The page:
Is Alzheimer’s a type of dementia? Or Is dementia a type of Alzheimer’s? Or are the two terms used interchangeably as far as the general public is concerned? What’s important to remember is that individuals can develop symptoms at any age, meaning that understanding the conditions of both Alzheimer’s and dementia is an important part of learning to spot the symptoms in others and in yourself. Although the symptoms do overlap, the two conditions are distinct from one another. Where symptoms do not match those known to the conditions, you may also need to research ‘can lung cancer spread to the brain?’ For now, let’s look at the difference between Alzheimer’s and dementia…beginning with dementia.

Understanding dementia 

Technically speaking, dementia isn’t a disease. Instead, we refer to dementia as a syndrome. This means that while the patient may exhibit symptoms of the condition at large, a definitive diagnosis is not possible (because the condition is actually a group of conditions). Memory and cognition will likely be affected, with the patient unable to reason for themselves. Forgetfulness also often leads to unfortunate side effects such as anger and aggression. Mixed dementia is where patients suffer from a mixture of related symptoms, which can impact the wellbeing and independence of previously alert people who were capable of looking after themselves (this typically places a huge emotional and financial burden on families). Although dementia can occur due to a variety of reasons or conditions, Alzheimer’s is the most common.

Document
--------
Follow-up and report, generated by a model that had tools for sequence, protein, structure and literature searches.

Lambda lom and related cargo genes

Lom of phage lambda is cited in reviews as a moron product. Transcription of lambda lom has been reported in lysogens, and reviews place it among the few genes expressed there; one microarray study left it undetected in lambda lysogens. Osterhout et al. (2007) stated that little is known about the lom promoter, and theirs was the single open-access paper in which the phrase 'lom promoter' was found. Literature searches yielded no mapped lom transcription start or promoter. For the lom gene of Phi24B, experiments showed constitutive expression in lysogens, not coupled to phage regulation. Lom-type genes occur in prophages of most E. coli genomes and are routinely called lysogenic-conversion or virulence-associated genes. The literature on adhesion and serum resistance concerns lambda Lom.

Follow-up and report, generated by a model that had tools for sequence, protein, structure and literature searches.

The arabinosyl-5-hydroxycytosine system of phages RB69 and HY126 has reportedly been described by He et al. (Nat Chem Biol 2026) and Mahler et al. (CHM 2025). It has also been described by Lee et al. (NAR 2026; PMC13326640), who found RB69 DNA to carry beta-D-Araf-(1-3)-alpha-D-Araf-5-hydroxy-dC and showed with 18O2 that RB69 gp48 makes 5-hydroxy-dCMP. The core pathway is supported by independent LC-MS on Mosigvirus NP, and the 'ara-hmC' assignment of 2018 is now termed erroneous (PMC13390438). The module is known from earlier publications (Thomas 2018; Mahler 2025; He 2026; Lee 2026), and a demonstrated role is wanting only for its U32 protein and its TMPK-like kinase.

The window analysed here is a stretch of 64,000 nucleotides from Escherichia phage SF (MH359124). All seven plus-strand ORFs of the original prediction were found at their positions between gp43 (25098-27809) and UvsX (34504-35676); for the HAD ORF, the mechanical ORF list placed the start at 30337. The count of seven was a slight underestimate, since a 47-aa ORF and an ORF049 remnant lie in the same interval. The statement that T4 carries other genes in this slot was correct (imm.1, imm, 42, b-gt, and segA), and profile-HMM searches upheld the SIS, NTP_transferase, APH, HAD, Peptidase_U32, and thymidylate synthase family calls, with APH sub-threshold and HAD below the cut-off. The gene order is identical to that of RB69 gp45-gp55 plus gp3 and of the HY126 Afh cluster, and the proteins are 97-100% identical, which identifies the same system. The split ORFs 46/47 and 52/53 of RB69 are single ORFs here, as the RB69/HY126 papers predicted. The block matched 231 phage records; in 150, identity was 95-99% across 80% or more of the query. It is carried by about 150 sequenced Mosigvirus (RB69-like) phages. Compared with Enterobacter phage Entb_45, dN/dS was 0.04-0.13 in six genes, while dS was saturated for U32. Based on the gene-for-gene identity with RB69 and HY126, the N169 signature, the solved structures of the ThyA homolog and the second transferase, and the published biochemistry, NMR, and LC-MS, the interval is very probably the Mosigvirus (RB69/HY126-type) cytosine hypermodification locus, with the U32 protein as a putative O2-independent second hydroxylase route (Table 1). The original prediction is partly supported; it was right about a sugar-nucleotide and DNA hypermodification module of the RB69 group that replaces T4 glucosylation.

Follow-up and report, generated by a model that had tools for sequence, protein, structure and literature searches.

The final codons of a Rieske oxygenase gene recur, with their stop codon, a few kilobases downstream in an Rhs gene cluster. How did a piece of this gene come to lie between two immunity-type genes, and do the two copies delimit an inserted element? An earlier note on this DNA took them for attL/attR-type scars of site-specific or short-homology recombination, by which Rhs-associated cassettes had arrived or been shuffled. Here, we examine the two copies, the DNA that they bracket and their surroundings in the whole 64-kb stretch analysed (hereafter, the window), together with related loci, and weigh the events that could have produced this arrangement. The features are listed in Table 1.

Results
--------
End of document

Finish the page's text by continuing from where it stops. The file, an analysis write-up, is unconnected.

Understanding Alzheimer’s disease

Unlike dementia, which is an umbrella term for related conditions, Alzheimer’s is an understood progressive condition affecting mental cognition that takes a predictable route. The condition begins with an abnormally high level of protein being deposited in the brain, which causes tangles in the mental pathways. This leads to confusion as the connectivity between normal healthy brain cells is lost. Eventually, the brain cells begin to die. The condition is not actually possible to definitively diagnose until such time as the brain matter can be inspected upon death. In advanced stages of Alzheimer’s disease, patients can expect to suffer difficulty with speech, eating, drinking, and walking (including balance). Hallucinations and disturbed sleep are also common symptoms. The condition leads to a slow decline over a period of years, with no complete cure available – some people able to survive up to 20 years (beginning treatment as promptly as possible is advised). 

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